Outgoing U.S. Attorney General Eric Holder this week hinted that the Justice Department could join more than a dozen St. Louis, Missouri area residents in a lawsuit against local law enforcement agencies for racially discriminatory practices used by officers. While federal officials are unlikely to bring civil rights charges against former Ferguson police Officer Darren Wilson for the shooting death of Michael Brown last August, a lawsuit against the police department could spur reforms in policing nationwide, some civil rights leaders have said.
In Ferguson, changes to use of force guidelines and to the practice of arresting and jailing poor, minority residents for unpaid municipal fines could have ripple effects in minority communities where trust in police has been historically low, said the Rev. Al Sharpton, leader of the civil rights group National Action Network. “While we feel that this does not answer the specific violations of the civil rights of Michael Brown being violated, it gives a strong national message to police departments around the country,” Sharpton said in a statement released Wednesday night.
The subject of race and policing has dominated an intense national discussion about discriminatory tactics by law enforcement agencies. Last week, FBI director James Comey signaled changes in how minority communities are policed were on the way. The changes could start with the training of officers who make “lazy mental shortcuts” when they encounter racial minorities. “We need to come to grips with the fact that this behavior complicates the relationship between police and the communities they serve,” Comey said.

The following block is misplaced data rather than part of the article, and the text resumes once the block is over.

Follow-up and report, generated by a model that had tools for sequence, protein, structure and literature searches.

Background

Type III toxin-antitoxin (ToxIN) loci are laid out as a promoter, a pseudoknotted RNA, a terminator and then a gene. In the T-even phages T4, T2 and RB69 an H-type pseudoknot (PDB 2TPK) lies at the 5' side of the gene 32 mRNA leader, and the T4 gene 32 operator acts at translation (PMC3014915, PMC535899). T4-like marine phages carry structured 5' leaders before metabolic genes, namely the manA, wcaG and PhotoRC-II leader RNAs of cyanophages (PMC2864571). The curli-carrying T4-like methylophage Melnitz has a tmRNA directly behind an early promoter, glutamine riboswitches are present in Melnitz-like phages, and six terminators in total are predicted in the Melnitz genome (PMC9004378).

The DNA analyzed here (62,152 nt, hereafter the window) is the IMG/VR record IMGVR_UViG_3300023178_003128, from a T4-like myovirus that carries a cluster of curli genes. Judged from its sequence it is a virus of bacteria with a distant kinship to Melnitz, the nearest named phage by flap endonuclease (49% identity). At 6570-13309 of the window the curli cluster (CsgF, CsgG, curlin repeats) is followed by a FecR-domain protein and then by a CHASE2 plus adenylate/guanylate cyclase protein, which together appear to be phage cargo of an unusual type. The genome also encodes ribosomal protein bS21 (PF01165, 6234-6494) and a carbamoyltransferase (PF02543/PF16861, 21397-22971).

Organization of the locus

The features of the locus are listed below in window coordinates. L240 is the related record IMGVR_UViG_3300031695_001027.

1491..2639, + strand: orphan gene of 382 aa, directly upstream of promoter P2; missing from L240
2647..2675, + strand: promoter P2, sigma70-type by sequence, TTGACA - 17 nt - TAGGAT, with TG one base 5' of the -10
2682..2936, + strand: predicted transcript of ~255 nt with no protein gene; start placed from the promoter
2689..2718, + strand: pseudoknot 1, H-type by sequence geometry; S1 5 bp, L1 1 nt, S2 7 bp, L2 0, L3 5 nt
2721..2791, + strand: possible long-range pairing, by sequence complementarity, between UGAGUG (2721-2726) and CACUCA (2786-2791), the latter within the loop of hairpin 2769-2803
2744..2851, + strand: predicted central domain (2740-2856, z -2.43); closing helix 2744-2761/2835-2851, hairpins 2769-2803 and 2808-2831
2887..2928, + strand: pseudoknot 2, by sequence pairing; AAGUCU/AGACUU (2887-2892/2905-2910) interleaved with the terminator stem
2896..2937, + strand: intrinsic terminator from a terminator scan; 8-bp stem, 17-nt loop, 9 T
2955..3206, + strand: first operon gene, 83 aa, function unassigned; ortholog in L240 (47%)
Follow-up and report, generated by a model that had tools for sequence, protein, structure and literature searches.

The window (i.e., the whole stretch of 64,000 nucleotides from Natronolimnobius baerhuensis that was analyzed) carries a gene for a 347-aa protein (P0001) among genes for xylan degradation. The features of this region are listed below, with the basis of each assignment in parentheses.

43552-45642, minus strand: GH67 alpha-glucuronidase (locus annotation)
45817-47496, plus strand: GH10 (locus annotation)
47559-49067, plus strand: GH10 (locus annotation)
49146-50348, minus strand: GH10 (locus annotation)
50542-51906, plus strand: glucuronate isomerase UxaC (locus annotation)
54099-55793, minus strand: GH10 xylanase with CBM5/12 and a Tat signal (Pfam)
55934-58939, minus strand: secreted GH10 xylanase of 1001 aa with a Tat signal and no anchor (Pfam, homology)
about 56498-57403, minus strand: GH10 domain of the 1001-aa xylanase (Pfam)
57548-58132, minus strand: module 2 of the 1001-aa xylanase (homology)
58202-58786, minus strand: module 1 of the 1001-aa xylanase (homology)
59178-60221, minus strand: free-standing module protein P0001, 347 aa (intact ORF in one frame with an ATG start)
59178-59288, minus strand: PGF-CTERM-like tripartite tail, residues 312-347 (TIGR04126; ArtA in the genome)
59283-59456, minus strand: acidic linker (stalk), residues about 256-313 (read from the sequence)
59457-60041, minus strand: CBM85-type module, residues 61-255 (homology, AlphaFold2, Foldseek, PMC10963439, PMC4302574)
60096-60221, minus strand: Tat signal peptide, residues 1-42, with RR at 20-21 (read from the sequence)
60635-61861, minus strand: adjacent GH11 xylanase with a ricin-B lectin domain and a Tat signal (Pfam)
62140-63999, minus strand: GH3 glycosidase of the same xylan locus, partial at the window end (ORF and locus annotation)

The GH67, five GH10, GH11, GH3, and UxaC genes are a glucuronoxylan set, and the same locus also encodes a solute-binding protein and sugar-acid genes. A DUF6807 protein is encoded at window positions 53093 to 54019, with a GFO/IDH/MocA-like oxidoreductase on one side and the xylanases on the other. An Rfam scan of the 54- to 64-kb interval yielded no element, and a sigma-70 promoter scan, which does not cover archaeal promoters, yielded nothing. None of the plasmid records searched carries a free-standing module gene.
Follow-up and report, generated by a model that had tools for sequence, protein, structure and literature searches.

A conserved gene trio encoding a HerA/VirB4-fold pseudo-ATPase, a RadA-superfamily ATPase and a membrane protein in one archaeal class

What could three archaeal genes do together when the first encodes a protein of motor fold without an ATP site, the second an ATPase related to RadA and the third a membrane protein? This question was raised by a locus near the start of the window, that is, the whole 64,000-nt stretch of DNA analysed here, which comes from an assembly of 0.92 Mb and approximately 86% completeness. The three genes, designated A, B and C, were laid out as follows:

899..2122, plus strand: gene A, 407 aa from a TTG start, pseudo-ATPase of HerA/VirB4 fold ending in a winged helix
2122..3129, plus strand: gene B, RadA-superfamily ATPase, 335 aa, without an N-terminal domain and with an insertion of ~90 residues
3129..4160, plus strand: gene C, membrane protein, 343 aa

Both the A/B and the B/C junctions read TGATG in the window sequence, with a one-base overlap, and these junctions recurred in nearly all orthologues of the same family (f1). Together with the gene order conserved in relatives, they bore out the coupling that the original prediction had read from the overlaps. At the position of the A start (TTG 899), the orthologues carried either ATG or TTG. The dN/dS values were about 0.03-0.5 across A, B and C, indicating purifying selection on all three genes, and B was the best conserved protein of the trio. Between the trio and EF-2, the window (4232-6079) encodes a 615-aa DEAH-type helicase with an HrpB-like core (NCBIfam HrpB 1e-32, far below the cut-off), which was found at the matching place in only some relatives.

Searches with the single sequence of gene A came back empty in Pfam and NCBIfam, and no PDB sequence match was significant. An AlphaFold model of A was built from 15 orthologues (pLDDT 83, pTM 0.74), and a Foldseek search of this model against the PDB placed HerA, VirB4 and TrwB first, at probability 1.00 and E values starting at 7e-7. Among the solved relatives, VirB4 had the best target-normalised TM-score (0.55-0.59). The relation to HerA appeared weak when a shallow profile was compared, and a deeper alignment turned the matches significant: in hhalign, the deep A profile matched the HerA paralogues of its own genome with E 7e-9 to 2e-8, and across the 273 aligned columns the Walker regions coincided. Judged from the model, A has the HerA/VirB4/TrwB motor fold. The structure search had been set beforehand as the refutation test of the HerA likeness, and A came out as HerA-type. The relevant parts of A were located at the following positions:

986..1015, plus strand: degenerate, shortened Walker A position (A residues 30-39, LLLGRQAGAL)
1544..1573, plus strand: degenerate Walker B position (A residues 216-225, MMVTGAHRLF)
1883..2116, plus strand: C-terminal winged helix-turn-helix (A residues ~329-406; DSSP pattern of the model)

In Missouri, where law enforcement officials faced national scrutiny in the Brown case, some changes were already underway. This month, the Ferguson Police Department was testing a “less lethal” law enforcement tool that could prevent deadly outcomes in split-second uses of force. Al Eickhoff, the assistant chief of the department, said the department would field test a device called “The Alternative” if police force trainers were happy with its function.